slowly we began to like it. We began to care what the universe was like. This is not altogether healthy. You like to think you're just a dispassionate observer—an eagle-eyed umpire: "I call 'em the way I see 'em." But we were drifting into becoming believers, or at least fans of the cosmological constant. It was a time for less propaganda and more data.
the smoking gun?
By the beginning of 1999, the case for an accelcrating universe had acquired some traction. The high-z team results were published in the The Astronomical Journal and the Lawrencc Berkeley Lab results were widely circulated as preprints and conference reports, both pointing to the same conclusion. Consistent results from two independent teams made the cvidencc more credible, though there was still an outside chance wc were both making identical mistakes. But if wc were making a mistake, it was a subtle one. As far as either team could tell, distant SN la were just like the nearby SN la. Although age, composition, and dust were possible complicating factors, their effects seemed to be small, and we were working hard to detcct and limit them. The decisive test, though, would be to look for supcrnovac at even higher rcdshift.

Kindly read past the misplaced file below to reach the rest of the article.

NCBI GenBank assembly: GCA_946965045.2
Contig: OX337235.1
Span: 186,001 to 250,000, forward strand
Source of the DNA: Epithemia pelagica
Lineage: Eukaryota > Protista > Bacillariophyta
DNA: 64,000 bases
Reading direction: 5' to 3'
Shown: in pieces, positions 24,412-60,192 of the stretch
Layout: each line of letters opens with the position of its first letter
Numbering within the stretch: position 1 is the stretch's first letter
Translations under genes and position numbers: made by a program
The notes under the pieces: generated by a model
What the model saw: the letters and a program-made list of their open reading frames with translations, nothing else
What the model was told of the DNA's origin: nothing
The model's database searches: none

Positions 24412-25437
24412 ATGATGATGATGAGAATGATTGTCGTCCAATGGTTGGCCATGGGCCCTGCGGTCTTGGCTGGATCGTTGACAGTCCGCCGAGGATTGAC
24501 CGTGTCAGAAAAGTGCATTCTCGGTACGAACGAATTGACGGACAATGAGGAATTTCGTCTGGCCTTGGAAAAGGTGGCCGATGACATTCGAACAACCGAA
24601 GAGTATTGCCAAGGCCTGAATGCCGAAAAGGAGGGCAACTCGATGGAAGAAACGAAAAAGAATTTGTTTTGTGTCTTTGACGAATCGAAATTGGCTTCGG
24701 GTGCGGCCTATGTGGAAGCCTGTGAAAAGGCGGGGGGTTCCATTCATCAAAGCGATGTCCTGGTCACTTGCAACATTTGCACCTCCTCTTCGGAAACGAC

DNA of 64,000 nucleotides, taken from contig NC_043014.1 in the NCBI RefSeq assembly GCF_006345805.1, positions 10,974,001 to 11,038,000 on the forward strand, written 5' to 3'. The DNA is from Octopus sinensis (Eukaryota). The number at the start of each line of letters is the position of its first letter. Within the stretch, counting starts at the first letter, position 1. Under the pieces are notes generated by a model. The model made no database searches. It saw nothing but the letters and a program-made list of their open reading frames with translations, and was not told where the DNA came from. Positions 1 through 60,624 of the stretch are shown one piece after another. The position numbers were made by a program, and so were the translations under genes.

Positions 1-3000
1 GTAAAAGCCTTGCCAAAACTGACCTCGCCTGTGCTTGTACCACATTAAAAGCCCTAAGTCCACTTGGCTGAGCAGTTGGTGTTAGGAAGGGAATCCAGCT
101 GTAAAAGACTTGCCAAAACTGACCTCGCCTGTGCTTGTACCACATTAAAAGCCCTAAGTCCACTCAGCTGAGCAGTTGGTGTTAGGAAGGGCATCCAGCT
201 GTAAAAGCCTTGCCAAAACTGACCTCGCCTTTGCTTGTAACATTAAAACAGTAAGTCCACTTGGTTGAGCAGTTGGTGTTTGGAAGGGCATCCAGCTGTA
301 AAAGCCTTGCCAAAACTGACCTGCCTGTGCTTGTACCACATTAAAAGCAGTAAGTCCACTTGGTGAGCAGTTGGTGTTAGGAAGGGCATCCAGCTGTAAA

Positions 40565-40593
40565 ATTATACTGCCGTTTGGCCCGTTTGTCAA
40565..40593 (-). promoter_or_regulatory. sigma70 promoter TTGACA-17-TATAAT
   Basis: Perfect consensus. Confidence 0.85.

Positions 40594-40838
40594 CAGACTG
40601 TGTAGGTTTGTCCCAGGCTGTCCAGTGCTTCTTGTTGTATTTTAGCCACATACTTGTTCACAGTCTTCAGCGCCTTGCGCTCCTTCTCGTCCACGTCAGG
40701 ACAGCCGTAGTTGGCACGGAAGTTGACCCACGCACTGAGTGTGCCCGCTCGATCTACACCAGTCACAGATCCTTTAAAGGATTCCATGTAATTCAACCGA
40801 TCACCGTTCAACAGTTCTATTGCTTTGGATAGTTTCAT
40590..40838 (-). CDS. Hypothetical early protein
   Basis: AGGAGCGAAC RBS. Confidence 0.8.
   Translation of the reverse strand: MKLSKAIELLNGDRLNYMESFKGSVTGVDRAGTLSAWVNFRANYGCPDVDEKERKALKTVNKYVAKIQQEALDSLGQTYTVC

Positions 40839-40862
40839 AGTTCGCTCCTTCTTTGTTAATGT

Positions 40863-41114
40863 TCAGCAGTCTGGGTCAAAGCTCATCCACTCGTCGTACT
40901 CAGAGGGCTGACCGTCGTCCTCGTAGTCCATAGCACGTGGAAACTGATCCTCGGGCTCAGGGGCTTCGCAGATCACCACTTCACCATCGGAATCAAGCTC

For any combination of the dark energy, fiA, and the dark matter density, £lni, we could predict what to expcct as wc looked to redshift one and beyond. After the Big Bang, there should be cosmic deceleration causcd by £2m followed by cosmic acceleration due to fiA. Somewhere out beyond redshift one, supernova observations should reach well into the deceleration zone, and we should start to see the supernovae appearing a little brighter than otherwise. If the supernovae showed extra dimming instead, that would point to a systematic problem and we would be forced to retreat
Figure H.I. The work on the acceleratir^g universe was Science Magazine's "Science Breakthrough of the Year" for 1998. Reprinted with permission from SciencE, vol. 282. December 18, 1996 IIlustration. John Kascht, Albert Einstein™ represented by the Roger Richman Agency, Inc , Beverly Hills, CA Copyright 1998 American Association for the Advancement of Science.
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